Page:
Written on: 29 July 2020
Written by: Frances Hardcastle
Share this post:
The tech industry today promises creative, flexible and highly rewarding career pathways, and it is estimated that around 80% of future jobs will require STEM skills. Why is it then that only 27% of young women say they’d consider a career in technology, and only 3% would say it’s their first choice of career?
In the summer, female industry leaders came together for a panel at the virtual WeAreTechWomen Conference. Baltic’s London-based Employer Engagement Manager, Lottie Peart, was listening in from her living room, and shared some key insights from this panel as they asked and answered the vital question: “what can we do to encourage more girls into STEM?”
For some young women and girls, the tech industry has opened up during the Covid-19 lockdown. As tech education organisations like InnovateHer and Tech We Can were forced to pivot from physical workshops to online delivery, their message has reached new audiences and exploded in popularity. Much like PE with Joe Wicks, Tech We Can Tuesdays have taken a prominent place on the zoom-school curriculum, with parents and students tuning into bitesize sessions highlighting the possibilities of technology across different industries.
According to Sheridan Ash, founder of the Tech She Can Charter, parental engagement has been an important factor in the success of their online programme. Parents have been watching the lessons with their children and realising the potential of technology – some are now pursuing a career in tech for themselves! Because of this success, Tech We Can are now planning to expand their at-home offer, and will be building in more resources for parents as part of their long term delivery approach.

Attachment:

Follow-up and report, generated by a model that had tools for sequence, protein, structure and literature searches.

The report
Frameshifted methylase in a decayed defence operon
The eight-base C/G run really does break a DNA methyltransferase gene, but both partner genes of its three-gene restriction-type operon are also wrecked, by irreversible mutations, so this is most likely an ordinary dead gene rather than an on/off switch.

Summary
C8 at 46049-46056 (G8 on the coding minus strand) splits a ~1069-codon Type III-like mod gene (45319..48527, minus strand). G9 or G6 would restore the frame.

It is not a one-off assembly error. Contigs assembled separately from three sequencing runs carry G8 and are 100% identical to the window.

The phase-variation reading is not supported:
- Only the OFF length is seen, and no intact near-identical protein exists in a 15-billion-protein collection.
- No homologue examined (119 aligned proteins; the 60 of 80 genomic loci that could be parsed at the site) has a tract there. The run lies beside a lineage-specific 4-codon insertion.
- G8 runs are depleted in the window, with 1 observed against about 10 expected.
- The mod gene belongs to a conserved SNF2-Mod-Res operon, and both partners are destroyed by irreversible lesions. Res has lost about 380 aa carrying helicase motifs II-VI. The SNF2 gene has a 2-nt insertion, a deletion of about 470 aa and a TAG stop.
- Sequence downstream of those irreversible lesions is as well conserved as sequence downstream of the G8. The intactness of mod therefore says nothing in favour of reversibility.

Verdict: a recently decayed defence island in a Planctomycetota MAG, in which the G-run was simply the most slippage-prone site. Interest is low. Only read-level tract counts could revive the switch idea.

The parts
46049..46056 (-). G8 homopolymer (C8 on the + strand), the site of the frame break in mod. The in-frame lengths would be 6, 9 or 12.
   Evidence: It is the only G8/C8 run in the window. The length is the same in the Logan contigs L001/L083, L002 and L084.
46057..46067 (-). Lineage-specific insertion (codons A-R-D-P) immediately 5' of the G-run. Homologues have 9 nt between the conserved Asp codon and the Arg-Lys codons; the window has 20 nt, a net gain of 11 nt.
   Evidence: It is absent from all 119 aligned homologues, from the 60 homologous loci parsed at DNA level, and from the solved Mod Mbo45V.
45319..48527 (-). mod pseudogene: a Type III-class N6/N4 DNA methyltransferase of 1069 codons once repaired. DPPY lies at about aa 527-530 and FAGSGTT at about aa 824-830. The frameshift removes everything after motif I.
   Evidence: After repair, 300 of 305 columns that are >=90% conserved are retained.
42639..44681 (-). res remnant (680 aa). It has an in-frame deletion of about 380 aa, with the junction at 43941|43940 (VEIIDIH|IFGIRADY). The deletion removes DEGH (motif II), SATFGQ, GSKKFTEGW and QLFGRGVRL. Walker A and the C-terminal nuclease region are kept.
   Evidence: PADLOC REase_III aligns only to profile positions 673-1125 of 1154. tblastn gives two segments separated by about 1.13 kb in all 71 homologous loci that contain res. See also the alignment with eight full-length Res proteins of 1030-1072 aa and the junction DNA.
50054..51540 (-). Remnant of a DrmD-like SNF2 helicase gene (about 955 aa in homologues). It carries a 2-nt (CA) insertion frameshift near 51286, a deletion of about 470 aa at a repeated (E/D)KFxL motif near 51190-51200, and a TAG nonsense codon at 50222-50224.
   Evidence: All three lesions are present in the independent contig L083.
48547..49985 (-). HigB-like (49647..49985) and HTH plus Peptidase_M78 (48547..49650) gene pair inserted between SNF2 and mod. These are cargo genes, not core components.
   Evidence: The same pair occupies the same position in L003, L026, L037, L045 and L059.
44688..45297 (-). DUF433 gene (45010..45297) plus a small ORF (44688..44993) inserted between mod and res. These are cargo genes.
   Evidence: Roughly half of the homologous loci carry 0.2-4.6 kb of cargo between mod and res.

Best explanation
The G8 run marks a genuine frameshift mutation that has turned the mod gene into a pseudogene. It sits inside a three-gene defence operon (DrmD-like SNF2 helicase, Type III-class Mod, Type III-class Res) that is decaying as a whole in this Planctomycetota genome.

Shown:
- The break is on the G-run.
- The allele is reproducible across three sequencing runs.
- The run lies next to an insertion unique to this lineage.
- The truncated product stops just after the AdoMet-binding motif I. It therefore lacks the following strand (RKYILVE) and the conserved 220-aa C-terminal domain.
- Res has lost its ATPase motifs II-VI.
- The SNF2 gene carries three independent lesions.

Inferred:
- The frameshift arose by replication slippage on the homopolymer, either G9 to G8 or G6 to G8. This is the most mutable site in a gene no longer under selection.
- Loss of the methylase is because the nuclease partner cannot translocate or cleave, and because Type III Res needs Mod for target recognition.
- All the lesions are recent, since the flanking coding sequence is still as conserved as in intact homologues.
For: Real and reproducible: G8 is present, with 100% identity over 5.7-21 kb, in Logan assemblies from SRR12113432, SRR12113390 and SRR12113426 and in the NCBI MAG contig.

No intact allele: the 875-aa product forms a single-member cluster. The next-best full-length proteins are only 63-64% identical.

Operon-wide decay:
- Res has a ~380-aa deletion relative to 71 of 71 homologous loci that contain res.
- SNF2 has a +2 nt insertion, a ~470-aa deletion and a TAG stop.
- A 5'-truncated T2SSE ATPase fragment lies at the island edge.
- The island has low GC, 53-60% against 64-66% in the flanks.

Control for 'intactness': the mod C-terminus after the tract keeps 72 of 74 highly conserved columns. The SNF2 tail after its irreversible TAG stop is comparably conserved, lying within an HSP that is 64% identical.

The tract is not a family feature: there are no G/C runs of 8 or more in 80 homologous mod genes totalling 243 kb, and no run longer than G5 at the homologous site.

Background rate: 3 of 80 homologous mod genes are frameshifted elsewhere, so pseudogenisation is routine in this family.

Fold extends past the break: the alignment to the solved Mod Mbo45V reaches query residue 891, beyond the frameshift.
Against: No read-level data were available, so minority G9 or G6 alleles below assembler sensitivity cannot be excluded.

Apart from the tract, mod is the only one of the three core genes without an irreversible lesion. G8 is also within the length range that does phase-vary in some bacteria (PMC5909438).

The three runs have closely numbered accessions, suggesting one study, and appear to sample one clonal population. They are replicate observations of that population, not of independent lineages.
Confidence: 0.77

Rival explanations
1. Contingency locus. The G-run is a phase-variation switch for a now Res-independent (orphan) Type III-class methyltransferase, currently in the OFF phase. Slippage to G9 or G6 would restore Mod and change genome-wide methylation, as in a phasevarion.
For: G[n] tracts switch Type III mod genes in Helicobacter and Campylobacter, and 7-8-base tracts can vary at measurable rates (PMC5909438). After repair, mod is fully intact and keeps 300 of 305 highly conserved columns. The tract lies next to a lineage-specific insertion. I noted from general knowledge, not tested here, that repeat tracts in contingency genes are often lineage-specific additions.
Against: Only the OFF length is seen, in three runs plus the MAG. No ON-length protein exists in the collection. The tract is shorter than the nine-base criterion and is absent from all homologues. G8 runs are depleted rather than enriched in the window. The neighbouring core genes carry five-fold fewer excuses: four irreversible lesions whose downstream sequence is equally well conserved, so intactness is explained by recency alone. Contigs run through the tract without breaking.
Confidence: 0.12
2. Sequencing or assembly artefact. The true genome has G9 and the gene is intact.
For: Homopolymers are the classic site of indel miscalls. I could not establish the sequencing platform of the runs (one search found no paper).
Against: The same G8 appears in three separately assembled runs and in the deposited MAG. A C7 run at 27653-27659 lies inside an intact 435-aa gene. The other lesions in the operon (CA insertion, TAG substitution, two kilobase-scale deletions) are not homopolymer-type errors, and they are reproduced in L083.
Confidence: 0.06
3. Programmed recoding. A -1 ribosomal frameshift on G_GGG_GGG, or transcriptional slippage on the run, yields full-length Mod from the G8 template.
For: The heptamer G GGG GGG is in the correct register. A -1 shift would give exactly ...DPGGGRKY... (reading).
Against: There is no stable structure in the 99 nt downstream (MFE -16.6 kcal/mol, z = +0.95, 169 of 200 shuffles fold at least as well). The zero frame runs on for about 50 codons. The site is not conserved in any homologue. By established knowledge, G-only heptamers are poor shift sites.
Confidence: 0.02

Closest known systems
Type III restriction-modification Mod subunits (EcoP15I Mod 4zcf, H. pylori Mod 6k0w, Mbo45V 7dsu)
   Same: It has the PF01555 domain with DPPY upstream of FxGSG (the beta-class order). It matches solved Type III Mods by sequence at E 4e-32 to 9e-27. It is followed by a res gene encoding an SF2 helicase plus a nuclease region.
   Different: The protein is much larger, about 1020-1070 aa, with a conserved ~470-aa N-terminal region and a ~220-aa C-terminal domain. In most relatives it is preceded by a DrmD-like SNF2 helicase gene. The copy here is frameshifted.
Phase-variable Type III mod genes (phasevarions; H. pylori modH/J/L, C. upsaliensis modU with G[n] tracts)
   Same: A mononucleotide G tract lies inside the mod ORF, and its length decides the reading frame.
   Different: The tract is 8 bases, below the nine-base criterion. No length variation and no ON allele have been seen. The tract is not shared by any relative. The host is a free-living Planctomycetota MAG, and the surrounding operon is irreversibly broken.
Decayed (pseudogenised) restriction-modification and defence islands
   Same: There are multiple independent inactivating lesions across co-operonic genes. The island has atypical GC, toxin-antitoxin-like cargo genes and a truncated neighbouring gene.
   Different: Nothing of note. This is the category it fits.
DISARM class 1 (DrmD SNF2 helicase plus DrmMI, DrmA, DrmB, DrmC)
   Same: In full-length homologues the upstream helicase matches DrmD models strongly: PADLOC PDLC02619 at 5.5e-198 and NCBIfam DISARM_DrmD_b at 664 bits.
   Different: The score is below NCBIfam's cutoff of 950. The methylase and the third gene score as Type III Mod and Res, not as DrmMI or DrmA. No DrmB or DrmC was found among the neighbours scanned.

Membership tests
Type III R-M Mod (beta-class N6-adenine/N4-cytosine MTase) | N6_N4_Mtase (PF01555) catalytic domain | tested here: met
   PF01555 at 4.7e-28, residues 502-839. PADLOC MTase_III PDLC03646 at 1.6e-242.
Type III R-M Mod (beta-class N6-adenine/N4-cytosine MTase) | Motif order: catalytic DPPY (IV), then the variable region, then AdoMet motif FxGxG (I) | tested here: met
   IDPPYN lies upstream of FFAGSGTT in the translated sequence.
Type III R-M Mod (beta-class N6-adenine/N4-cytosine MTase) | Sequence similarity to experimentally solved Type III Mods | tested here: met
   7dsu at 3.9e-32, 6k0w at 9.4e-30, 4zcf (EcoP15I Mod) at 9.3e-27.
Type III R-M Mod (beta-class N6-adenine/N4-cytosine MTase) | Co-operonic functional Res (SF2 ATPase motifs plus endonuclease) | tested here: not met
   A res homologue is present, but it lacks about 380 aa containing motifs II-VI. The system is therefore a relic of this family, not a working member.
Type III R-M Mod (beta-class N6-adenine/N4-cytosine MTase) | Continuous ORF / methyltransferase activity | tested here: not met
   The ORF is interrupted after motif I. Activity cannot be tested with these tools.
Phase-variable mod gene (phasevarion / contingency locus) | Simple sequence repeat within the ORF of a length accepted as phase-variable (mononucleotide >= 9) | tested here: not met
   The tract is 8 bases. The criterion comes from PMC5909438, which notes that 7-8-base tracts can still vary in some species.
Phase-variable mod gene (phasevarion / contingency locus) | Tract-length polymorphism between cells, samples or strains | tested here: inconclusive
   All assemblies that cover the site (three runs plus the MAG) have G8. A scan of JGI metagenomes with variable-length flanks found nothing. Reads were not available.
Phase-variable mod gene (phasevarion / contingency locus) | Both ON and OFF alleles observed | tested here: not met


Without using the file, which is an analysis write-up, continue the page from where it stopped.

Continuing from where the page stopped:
There’s a huge opportunity here which could be a game-changer for the industry. It’s important that we extract what worked to engage girls during lockdown and apply these elements to future tech education activity. Workshops in schools can be transformational, but if we want our girls to grow up to be women in tech, advocacy for technology can’t be confined behind the school gates. These additional home resources could make all the difference and get girls pursuing tech careers.
Role models are crucial for showcasing the possibilities of a career in tech. As the saying goes: if you can see it, you can be it. Sheridan Ash made an excellent point during the panel discussion, arguing that organisations should “showcase young, relatable role models,” rather than the narrow range of CEOs championed by the industry, which many girls often view as unattainable.
STEMettes lead by example with the use of role models across their content. During lockdown, they produced an amazing 13 week online programme of STEM-based activities. Each week was named for a different female role model, featuring content around their work. This collection of role models was a diverse mix of historical and current industry figures at various levels in their careers, including Angela Taylor (a software engineer at Google) and Cristina Pascalau (a Front-End software developer at Bank of America). They also ran weekly live Instagram Q&A sessions with “STEMtastic role models” from different industries.